Queens Remembers Sen. Jose Peralta

Before he was elected to the State Senate, Peralta represented State Assembly District 39.AP file photo by Mike Groll.

Before he was elected to the State Senate, Peralta represented State Assembly District 39.AP file photo by Mike Groll.

By David Brand

Queens Daily Eagle

Queens State Sen. Jose Peralta, the first Dominican-American elected to the Senate, died Wednesday night. He was 47.

Peralta’s wake will take place Monday from 2 p.m. to 8 p.m. at Joseph Farenga and Sons funeral home, located at 38-08 Ditmars Blvd. in Astoria. The funeral will take place at 10:30 a.m. Tuesday at the St. Joan of Arc Roman Catholic Church, located at 82-00 35th Ave. in Jackson Heights.

Across the state, flags have flown at half-staff in honor of Peralta.

In the days since Peralta’s sudden passing, community leaders and everyday residents have reflected on his service to Queens and praised his deep commitment to his hometown.

“I am heartbroken and shaken over the tragic news of Senator Jose Peralta’s untimely death. The communities we served together, our colleagues, all of Queens and I are joined in grief today,” said Councilmember Francisco Moya, who succeeded Peralta as Assemblymember from District 39. “In private, Senator Peralta often had a gentle demeanor. But that belied the fierce fighter he was for the people whom he dedicated his life to representing. He was a tireless advocate for his constituents, our Dominican community and our neighborhoods. At the end of the day, his decisions were always motivated by a drive to bring his community everything it deserved.”

Moya said Peralta was a “kind man and a friend ... a terrific husband and an amazing father.”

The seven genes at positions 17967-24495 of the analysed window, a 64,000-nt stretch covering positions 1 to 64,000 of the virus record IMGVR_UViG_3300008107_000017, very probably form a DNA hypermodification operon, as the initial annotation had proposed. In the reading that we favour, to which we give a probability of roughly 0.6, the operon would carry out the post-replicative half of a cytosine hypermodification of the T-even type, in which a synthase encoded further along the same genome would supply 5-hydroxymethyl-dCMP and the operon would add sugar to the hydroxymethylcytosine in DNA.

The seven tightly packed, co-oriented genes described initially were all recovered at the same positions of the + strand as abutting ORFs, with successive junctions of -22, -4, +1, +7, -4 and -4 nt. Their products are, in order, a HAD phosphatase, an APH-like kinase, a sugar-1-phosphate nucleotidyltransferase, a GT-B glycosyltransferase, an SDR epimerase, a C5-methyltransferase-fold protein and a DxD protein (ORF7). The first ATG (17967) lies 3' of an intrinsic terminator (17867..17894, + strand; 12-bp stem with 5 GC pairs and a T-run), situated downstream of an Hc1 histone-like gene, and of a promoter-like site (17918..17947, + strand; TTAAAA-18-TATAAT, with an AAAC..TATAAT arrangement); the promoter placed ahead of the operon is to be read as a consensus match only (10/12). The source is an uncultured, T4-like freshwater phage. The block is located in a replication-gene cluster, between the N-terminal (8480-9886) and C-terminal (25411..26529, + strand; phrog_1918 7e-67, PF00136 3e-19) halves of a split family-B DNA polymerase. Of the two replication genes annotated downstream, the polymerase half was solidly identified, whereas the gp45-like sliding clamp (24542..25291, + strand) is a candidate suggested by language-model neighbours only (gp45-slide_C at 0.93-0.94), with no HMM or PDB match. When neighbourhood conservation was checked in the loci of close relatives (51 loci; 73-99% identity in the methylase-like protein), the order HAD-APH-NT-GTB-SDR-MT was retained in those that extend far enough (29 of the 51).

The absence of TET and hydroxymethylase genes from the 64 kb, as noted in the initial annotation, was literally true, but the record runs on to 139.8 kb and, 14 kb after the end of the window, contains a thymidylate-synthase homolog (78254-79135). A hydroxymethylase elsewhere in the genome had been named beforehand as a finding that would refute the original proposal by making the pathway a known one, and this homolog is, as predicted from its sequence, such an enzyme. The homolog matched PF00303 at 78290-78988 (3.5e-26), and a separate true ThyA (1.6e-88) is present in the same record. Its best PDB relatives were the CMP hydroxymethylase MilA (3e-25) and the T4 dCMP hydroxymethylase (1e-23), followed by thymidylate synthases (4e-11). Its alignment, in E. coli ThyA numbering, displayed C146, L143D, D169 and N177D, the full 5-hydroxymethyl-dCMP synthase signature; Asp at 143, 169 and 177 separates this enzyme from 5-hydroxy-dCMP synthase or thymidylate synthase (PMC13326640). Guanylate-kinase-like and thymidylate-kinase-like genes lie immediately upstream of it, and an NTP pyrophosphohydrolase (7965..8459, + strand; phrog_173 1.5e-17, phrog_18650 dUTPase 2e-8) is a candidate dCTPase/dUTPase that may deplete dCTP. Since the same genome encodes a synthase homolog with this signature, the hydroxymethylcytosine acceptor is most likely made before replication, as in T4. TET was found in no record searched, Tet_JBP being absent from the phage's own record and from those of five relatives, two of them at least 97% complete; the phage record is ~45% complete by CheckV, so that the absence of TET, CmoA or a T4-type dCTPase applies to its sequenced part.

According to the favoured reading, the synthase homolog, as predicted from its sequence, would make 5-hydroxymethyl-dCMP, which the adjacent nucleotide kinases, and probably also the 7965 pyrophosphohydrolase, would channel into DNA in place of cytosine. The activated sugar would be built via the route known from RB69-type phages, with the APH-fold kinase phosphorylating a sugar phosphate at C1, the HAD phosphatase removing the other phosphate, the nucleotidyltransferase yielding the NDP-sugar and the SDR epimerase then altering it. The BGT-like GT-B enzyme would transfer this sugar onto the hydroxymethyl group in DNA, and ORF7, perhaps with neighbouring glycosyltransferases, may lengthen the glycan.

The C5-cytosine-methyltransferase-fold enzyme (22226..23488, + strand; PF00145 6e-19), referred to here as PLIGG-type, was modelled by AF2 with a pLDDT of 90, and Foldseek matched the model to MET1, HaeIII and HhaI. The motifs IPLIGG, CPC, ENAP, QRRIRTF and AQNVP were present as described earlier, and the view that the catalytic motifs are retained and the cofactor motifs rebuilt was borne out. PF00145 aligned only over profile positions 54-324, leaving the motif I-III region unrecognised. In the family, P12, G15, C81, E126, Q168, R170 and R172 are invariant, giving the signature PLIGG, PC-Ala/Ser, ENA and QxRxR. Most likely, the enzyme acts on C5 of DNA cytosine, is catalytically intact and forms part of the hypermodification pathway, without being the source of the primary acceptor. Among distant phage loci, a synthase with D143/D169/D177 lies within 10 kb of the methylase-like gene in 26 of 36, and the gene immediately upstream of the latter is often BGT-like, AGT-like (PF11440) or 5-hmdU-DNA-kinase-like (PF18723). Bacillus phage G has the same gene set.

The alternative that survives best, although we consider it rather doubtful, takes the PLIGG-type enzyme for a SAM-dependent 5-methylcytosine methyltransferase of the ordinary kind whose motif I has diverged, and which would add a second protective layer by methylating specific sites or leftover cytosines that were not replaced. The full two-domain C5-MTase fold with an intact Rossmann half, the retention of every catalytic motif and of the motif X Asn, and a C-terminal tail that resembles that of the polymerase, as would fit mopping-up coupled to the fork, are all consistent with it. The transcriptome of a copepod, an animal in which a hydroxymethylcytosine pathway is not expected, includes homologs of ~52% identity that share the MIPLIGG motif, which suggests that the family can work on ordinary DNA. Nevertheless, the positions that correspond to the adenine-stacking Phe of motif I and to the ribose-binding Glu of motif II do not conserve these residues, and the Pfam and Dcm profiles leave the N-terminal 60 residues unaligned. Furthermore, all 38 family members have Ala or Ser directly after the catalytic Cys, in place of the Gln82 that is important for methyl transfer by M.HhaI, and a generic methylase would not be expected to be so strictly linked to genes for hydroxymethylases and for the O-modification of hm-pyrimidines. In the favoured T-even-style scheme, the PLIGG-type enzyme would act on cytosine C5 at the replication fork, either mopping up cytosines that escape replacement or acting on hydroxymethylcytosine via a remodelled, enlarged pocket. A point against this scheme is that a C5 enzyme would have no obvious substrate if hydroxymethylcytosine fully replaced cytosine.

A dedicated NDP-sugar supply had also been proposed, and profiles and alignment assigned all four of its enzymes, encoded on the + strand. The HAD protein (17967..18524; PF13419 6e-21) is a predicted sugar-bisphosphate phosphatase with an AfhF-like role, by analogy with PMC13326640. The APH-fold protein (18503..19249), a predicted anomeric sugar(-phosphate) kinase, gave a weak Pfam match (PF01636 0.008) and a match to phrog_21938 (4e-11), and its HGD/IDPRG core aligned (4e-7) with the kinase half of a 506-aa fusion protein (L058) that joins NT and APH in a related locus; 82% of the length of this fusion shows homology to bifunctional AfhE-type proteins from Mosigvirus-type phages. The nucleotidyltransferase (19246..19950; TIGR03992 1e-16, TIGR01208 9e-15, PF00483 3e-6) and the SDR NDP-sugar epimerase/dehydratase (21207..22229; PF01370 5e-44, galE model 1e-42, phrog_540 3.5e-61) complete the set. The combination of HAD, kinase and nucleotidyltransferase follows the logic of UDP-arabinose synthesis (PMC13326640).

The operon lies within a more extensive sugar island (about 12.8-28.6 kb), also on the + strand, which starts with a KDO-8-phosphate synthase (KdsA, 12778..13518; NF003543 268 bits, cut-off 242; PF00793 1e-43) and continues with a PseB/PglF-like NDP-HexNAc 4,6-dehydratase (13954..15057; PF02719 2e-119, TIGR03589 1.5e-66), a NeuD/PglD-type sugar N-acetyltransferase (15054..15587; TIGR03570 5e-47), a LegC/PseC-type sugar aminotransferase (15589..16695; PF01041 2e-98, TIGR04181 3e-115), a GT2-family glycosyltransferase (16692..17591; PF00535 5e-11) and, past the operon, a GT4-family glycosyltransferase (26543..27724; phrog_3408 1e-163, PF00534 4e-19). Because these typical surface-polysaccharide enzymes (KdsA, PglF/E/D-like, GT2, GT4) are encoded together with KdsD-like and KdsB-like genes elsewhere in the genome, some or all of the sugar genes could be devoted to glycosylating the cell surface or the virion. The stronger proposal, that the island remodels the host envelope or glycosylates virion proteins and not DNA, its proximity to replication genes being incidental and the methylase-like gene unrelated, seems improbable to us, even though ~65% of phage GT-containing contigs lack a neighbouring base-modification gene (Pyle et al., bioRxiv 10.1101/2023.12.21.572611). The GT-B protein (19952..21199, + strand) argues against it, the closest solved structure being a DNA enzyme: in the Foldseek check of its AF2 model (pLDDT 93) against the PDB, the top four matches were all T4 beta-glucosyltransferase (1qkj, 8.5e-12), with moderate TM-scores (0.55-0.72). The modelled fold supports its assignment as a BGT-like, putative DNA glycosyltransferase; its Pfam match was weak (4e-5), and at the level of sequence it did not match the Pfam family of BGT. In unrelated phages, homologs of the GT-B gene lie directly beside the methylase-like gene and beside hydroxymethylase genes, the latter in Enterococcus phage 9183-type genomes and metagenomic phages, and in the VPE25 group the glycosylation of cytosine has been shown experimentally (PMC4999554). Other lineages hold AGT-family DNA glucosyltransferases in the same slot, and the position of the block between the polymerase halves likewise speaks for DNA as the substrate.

Peralta was born in Washington Heights before moving to Queens, where he attended Flushing High School and later Queens College. He served as a community liaison for the State Assembly, performing outreach in the Latino community, and advocated for immigrants in the New York City Central Labor Council.

Peralta represented Senate District 13, which includes parts of Corona, Jackson Heights and East Elmhurst.

Gov. Andrew Cuomo, another Queens native, recognized Peralta’s advocacy on behalf of local immigrants, who made up a significant portion of his constituency.

“Senator Peralta was a dedicated public servant, a relentless advocate for Queens and a pioneer as the first Dominican-American elected to the New York State Senate,” Cuomo said. “He fought tirelessly to make a difference for others, and he will always be remembered for his service to Queens and to all New Yorkers. This is a reminder of how precious life is — hold your families a little bit closer today as we think about all we are thankful for.

Cuomo contributed $10,000 to a GoFundMe campaign to raise money for Peralta’s memorial. The fundraiser had raised $12,800 in 20 hours as of Sunday afternoon.

Local organizations also recognized Peralta’s work on behalf of the Latino community.

“We shall reflect on the relentless leadership of one of the fiercest champions for Dreamers and steadfast advocacy of his community for years to come, the organization Somos wrote on Twitter.

Peralta was elected to the State Assembly in 2002 and served in the lower chamber until he won a special election to replace disgraced former State Sen. Hiram Monserrate in 2010.

Constituents placed flowers, candles and handwritten notes outside his office Thursday. “A kid from Corona who later in life gave everything for Corona,” read one message.

Throughout the summer, Peralta remained a prominent advocate for passage of the school speed camera bill, which he sponsored.

In 2017, Peralta joined the Independence Democratic Conference and caucused with Senate Republicans. He lost the Democratic primary for his Senate seat to Jessica Ramos in September.

"When I met him in 2003, I saw a world of promise for our community," Ramos wrote on Twitter. "Though years later we'd disagree on tackling the issues, I know in his heart he loved his community. He was a true public servant."

Peralta is survived by his wife Evelyn and two sons.